My feet start to go numb. I didn’t wear thick enough socks to stand still on cold, wet ground for this long. I stomp around to stay moving and study the star-shaped imprint left by the sole of my boot. My boyfriend stalks around the car, and we both try hard not to look toward the house often.
Finally, we crawl back into the Forester, too cold to stand in the mud.
“Maybe they can’t get the printer working,” my boyfriend says.
“Maybe…” but the peace of the snow shower has left me. Now, I can only think of how rural and secluded this place is— the last house, off the final turn, on a hillside above I-don’t-remember-where.
“It feels weird sitting in his car,” I say. “Like— you haven’t given him the money yet.”
Suddenly, Buck appears in the doorway. He struggles up the steep drive carrying a piece of paper, a child’s multichoice pen, and a cigarette.
My boyfriend and I step back out into the snow shower.
“Listen, man,” Buck says around the unlit cigarette. “I got bad news about the plates. She doesn’t want me to send you with ‘em. You know— like, the car’s in her name, and she’s worried about the insurance and registration and all that— like, I’m real sorry, man… You think you’ll be able to get back without plates?”
My boyfriend’s expression flexes, and I know it’s his we-gotta-do-what-we-gotta-do look. “I mean, I’d prefer not to, but we should be okay with the bill of sale. We shouldn’t get a ticket if I explain.”
“Well, that’s the other thing— the bill of sale.” Buck waves the now limp and splotchy piece of paper. “This is all we could get to print off.” He holds it up, and I see more wet blossoms on the nearly blank sheet.
“Well, I do need that— I can’t get it registered without the bill of sale.”
“Oh, I know. I know. We’re gonna get one and get it filled out. I’m gonna put it priority mail first thing Monday.”
Ironically, his wife won’t trust us with her plates, but now we need to trust her husband with the bill of sale.
“You should take a picture of the plates,” Buck says. “And I’ll write you up something— just in case you get stopped. I gotta get the title from her. She’s signing it now.”
He stomps back down the driveway, the unlit cigarette hanging from his mouth and the computer paper disintegrating in his fist. I wonder how long he’ll be gone this time and climb back into the Forester.
Mercifully, we only wait about a minute. Buck returns with an envelope, notebook, and the same pen. This time I stay in the car. By now, the car belongs to my boyfriend (pretty much), and my feet feel like blocks of ice.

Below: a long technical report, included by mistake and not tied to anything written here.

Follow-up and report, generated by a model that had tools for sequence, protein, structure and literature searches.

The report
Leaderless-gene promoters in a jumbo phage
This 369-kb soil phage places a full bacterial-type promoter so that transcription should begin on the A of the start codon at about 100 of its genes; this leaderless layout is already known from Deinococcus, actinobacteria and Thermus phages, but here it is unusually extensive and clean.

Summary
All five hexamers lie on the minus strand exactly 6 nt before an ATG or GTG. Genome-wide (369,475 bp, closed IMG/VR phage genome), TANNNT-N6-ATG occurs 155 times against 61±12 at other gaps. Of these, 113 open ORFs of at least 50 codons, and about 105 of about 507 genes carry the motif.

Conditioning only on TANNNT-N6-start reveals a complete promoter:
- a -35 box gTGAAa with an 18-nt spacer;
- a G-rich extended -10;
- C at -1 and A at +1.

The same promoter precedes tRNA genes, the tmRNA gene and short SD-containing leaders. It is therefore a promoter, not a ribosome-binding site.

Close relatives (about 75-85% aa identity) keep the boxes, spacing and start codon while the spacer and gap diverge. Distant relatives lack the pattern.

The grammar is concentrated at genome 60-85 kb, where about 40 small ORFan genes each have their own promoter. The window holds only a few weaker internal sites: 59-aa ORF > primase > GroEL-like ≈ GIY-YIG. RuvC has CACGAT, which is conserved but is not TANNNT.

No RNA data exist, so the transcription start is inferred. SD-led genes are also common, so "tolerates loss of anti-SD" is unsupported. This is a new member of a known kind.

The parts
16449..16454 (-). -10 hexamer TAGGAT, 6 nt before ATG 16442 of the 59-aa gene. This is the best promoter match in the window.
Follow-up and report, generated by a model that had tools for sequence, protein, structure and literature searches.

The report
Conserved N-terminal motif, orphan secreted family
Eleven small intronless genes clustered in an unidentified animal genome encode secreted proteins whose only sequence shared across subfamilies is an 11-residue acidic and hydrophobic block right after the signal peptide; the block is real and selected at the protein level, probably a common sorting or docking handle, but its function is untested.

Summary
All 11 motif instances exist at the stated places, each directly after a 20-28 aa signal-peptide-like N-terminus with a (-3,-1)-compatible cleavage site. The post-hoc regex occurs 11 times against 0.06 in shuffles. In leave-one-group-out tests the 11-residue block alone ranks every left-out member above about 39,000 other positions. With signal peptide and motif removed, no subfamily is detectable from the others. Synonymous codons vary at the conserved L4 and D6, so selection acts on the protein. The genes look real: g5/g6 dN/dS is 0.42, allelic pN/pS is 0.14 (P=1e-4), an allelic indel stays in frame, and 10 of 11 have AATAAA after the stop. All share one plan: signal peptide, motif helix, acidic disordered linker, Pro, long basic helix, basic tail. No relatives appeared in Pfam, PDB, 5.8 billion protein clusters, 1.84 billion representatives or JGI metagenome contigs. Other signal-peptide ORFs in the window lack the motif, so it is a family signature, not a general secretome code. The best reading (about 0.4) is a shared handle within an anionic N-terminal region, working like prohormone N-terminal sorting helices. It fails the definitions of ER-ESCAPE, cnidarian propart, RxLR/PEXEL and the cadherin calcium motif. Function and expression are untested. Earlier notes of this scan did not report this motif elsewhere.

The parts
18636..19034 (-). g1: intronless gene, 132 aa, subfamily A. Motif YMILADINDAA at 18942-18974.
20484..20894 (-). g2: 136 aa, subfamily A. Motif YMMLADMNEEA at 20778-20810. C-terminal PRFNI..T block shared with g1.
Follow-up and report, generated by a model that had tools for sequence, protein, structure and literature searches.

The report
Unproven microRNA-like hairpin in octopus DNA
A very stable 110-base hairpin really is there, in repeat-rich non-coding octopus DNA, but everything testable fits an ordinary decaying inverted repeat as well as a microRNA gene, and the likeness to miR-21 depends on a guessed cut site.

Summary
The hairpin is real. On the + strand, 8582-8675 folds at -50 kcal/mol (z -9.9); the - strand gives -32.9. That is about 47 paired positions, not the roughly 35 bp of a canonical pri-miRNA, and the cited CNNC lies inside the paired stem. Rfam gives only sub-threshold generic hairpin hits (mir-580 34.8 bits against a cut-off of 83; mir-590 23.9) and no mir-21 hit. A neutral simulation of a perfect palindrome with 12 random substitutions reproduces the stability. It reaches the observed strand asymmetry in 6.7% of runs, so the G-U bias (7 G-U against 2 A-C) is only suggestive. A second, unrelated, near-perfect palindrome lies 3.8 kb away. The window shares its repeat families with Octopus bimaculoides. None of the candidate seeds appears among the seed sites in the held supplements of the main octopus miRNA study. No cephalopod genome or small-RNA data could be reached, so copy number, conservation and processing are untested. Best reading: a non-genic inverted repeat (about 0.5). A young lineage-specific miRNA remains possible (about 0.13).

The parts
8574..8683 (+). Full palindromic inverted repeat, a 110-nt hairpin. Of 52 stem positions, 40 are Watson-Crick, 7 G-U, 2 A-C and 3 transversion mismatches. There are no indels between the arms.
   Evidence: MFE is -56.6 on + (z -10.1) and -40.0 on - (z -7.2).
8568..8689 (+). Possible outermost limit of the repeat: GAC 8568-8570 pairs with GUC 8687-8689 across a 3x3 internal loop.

“I just need your address,” says Buck, again from around the unlit cigarette.
My boyfriend tries two different color inks from the multichoice pen. Finally, one works. Buck hands him the half-ripped envelope. “That’s the title and what I’ve written out in place of the bill of sale.”
My boyfriend inspects both.
“And I’ll mail everything you need for registration on Monday.”
“Okay…” my boyfriend nods and reaches into his Carhart pocket for his envelope full of hundreds. He hands this to Buck.
“It’s a good car, you know,” Buck says, taking the money. “It’ll be a good ride for you.” He steps away a foot or two and pulls a lighter from his pocket instead of counting the money. He uses the envelope stuffed with hundred-dollar bills to shield the flame from the wind. I watch the spark catch twice centimeters from the bills before his cigarette lights.
Visions of burning C-notes float through my mind.
Cigarette glowing merrily, Bucks peels back the edge of the envelope and counts the straps. His lips turn up ever so slightly around his smoke, and he raises his hand toward my boyfriend.
“Pleasure doing business with you, man,” Buck says. “I’ll keep you updated on the paperwork.”
“I appreciate it.”
“Let me know if you get stopped.” Buck’s eyes crinkle when he chuckles.
“Sure thing, man.” My boyfriend settles into the driver’s seat, and Buck disappears down his muddy driveway one last time.
What I feel backing down the lane is more than just elation at having bought a car— I feel relief. For some reason, that pressure I felt about internet killers and shady people had grown oppressive looking down at the mud and clutter surrounding Buck’s house. He seemed all right, but I was overjoyed, quite honestly, to be away from him.
It doesn’t even bother me that now I must drive three hours west stuck to my boyfriend’s bumper— hoping we don’t get pulled over. These are the small prices I pay for adventure.
About the Author
Katie Baker lives in beautiful upstate New York, is an avid runner, and gets inspiration for her stories by getting outside and observing the people and landscape around her. Her work has been published in Adelaide Literary Magazine, TWJ Magazine, and Torrid Literature Journal. You can find her writing workshop on Seekingprose.com.